My biggest pet peeve is the parrots on CNBC reciting news that the market has already digested. It seems as though they exist for instilling fear in investors to get ratings, and with any market shock, they sure definitely get an increase of viewers to scare.
When Joe Investor goes home to check his IRA and notices a 7.5% drop in two weeks, of course he wants to find out why. Look at the Alexa reach for CNBC (Financial, Blue) and MSNBC (World News, Red) websites:
Even with a catastrophe occurring in Minneapolis, the World News site has declined in visitors, while the Financial site has increased tremendously from the gloom and doom journalism surrounding the recent decrease in markets. While these are only for website visitors, one can assume that the same trend is occurring in the TV journalism arena as well.
The name of the game is Ratings, and perhaps the only benefit of that game is that it provides “rational” investors the opportunity to take advantage of “irrational” stock prices. Currently, investors can find quality stocks that have strong growth rates trading at ridiculously low prices. This approximate 8% correction over the past two weeks, though instilling fear in the investing general public, is presenting an opportunity for sidelined investors to pick up stocks at bargain basement prices.
Take for instance Citigroup (NYSE:C), a diversified financial firm that is feeling the brunt of the drying up of liquidity in the debt markets. It is trading at a forward Price to Earnings ratio of 8.98. This price is at the very bottom of its historical P/E ratio over the past 10 years; the only other time it traded at this low level was in 2002-03, which marked the bottom of the bear market following the technology bubble crash.
The risk to reward ratio seems balanced with Citigroup, as it pays a nice fat 4.72% dividend based on the closing price as of Friday, August 3, 2007 of $45.72. The dividend is comparable to the interest rate that an individual might receive putting their money into a money market account.
Another interesting pick up is a company known as Valero Energy Corporation (NYSE:VLO), which is a vertically integrated oil company. Vertically integrated means that they not only refine the oil, but they are also expanding in the retail markets and selling directly to the consumer. A competitive advantage over other refiners and retailers is their ability to refine sour crude oil, which trades at a significant discount to the light sweet crude oil, thus opening up the margin for profit for Valero.
This company is a projected 11% annual grower over the next 5 years, and it is trading at a Forward P/E ratio of 7.60. If oil hovers around its current level or if it increases, it will add to the top and bottom line of Valero and potentially make this stock even more attractive. This is just one of many stocks in the energy sector that have attracted my attention over the past few weeks; I thought it was priced attractively at $70, and I think it is a steal at $62.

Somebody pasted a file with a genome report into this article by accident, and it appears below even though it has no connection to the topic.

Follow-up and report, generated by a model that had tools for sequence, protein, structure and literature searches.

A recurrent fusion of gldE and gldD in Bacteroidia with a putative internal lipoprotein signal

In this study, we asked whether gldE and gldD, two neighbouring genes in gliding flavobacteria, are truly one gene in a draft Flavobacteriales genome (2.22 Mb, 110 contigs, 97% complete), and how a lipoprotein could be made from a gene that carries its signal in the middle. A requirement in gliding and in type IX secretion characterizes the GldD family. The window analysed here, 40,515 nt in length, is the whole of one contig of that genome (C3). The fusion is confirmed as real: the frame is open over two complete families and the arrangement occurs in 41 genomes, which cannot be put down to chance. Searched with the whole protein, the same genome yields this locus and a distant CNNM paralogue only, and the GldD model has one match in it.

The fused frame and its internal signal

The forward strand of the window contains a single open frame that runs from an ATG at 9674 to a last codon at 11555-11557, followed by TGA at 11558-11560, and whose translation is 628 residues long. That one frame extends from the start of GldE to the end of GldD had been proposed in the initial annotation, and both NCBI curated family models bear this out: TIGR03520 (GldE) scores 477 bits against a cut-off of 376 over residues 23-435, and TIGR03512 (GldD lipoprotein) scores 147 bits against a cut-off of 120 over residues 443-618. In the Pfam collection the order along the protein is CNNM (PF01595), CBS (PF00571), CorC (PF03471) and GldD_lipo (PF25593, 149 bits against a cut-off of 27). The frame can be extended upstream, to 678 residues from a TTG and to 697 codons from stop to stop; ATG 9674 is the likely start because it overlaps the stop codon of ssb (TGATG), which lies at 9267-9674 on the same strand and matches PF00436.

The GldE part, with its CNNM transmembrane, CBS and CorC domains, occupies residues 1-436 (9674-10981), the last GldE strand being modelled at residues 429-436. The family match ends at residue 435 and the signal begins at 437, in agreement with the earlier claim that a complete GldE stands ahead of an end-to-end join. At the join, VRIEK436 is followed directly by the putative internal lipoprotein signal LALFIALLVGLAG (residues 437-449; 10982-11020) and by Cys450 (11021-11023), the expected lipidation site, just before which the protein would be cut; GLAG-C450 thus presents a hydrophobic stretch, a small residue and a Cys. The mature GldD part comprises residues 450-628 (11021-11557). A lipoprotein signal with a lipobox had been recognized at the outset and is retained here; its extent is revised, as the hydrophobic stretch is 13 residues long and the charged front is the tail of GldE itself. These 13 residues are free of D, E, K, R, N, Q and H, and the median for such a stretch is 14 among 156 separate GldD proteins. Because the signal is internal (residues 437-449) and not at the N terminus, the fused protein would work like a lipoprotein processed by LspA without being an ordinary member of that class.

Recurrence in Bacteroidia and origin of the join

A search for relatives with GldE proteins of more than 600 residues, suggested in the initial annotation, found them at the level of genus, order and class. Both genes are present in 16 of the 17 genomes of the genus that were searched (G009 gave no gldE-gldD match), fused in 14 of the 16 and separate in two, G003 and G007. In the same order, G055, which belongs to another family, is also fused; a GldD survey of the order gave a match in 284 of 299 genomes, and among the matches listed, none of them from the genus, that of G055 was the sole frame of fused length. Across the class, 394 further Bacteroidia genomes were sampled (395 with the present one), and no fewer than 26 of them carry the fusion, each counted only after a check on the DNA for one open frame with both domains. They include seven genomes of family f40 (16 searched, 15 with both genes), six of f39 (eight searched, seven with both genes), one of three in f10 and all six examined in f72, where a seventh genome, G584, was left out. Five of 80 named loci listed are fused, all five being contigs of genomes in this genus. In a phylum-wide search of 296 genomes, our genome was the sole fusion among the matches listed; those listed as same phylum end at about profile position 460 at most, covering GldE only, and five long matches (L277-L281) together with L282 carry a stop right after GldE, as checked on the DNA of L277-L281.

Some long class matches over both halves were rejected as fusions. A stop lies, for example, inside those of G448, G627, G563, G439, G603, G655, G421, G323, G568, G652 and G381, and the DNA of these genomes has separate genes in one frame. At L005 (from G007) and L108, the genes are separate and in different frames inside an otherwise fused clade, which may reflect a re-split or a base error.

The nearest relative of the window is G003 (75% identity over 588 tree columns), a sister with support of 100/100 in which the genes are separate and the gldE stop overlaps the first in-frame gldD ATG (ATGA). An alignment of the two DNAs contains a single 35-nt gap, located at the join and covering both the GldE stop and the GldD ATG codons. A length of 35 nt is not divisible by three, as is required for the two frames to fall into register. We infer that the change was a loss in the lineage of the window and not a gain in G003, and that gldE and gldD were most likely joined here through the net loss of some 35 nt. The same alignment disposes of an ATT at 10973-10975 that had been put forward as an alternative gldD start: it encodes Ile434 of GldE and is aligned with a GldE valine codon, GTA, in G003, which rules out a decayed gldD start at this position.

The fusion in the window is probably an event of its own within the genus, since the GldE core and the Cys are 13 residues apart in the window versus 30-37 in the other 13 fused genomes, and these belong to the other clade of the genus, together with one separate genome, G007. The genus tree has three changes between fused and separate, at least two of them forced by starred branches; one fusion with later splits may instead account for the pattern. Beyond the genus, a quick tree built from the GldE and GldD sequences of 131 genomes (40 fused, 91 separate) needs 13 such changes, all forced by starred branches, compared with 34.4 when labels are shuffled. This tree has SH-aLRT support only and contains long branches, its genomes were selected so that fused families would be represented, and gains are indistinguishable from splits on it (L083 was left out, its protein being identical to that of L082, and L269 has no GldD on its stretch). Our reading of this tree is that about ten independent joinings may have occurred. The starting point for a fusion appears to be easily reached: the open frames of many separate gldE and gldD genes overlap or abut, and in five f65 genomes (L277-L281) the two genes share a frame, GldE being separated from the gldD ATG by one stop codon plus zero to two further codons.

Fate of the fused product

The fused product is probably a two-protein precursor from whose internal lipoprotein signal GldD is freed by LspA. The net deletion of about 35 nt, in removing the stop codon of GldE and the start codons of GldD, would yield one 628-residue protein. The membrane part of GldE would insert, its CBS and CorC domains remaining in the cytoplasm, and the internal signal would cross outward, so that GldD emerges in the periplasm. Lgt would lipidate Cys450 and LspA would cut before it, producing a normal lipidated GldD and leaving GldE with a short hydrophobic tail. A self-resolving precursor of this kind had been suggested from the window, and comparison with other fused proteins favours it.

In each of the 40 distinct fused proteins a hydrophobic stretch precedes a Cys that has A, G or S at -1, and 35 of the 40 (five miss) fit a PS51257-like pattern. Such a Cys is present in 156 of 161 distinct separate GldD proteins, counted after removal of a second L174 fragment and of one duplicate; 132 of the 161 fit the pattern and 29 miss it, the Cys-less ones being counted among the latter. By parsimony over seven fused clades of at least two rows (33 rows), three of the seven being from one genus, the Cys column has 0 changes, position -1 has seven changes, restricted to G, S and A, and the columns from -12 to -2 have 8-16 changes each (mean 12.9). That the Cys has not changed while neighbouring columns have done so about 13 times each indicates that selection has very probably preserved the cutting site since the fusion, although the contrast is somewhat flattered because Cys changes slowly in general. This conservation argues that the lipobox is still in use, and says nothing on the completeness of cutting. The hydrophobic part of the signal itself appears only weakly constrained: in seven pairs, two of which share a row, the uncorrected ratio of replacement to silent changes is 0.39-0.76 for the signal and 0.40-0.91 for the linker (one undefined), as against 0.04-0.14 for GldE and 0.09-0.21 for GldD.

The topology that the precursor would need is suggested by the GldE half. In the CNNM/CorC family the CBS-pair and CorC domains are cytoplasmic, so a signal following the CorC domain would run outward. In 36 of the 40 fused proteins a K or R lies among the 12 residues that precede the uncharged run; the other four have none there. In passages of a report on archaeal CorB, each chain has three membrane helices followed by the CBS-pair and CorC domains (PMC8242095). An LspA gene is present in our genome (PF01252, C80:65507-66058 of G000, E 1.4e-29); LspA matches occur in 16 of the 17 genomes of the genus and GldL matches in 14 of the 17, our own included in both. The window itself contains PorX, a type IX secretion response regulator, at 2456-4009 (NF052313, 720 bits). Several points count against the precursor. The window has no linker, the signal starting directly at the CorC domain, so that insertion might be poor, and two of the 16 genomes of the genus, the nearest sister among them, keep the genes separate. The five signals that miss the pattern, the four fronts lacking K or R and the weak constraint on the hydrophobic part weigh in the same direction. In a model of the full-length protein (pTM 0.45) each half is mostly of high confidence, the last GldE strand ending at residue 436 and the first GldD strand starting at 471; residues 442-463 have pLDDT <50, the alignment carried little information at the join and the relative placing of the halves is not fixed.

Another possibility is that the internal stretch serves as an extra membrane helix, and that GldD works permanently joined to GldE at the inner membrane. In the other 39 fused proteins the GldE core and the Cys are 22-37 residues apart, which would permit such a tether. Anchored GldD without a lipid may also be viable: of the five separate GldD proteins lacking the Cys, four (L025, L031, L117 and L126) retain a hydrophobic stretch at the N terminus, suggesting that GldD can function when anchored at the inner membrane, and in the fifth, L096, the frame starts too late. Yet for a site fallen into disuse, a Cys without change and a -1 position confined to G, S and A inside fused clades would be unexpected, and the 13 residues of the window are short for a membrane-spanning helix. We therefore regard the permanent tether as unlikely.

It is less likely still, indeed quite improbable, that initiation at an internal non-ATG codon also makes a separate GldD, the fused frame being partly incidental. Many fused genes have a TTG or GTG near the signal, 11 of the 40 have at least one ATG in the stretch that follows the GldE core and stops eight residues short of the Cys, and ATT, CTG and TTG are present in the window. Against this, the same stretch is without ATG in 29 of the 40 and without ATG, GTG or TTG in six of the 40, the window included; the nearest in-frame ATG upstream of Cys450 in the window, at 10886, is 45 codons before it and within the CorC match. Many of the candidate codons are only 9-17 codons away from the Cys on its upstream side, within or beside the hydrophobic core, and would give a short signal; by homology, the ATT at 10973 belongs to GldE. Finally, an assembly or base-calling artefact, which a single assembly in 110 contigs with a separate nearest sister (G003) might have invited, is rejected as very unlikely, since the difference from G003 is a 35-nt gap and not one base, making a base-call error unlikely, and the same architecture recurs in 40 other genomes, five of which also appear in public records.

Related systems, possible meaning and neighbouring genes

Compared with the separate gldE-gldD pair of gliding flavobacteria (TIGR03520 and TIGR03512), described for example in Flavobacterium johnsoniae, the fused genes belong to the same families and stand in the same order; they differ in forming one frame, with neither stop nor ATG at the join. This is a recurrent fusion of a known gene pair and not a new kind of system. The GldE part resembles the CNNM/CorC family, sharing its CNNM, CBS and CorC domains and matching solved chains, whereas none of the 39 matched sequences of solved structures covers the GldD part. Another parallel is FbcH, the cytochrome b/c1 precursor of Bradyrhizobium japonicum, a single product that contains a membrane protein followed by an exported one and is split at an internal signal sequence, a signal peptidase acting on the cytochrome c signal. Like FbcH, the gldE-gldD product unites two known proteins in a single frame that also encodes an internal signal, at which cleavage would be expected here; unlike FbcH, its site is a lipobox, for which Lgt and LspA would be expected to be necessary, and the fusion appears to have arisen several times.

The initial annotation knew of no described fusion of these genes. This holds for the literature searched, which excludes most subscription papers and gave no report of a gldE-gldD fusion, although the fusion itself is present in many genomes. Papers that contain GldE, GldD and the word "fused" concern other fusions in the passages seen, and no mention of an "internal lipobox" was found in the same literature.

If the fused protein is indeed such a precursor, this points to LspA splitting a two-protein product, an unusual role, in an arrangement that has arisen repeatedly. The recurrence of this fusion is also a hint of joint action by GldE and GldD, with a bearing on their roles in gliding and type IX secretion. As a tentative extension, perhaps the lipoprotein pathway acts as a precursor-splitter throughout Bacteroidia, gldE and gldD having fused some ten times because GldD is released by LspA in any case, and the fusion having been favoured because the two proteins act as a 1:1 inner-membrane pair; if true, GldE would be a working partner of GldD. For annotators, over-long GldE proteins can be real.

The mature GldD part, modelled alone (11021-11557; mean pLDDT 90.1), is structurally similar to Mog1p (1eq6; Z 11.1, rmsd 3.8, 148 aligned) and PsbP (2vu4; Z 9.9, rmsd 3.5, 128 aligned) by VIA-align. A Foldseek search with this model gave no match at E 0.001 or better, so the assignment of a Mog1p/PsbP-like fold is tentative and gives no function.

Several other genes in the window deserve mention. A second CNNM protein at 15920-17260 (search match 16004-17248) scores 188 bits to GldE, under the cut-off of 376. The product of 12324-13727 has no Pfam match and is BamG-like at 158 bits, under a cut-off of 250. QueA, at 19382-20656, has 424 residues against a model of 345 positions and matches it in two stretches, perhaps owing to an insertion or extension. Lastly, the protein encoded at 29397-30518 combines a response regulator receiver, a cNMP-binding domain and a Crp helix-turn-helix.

Well, I have touched on two of the three despised sectors in the market—financial and energy—but what about the real estate market? I definitely have a pick in that arena, and that stock goes by the name of Cohen and Steers (NYSE:CNS). They aren’t the typical real estate play; they are a company that manages closed-end and mutual funds invested in real estate. They make money through management and advisory fees, which have been skidding since the Net Asset Values of their funds have been dropping along with the broad domestic real estate market.
Cohen and Steers have combated this through the introduction of new funds that deal in international real estate, which has remained strong, as well as new, broader funds to diversify away from its core real estate focus. Another nice feature is that the company is 64% owned by insiders, so it is beneficial for the managers to increase shareholder value. The company is trading at a 14.32 Forward P/E ratio and is projected to grow at approximately 13.25% per year over the next five years. Add to that a 2.53% dividend yield and CNS is one attractively priced stock that is positioned well for future growth and will benefit from any rebound in the domestic real estate market.
So those who can push back all of the gloom hanging over the broad market can easily position their portfolios to take advantage of the irrational stock prices of these three top-quality stocks. While there may be some short-term pain (because it is impossible to time a market bottom), in the long term, these stocks will benefit from a return back to rationality.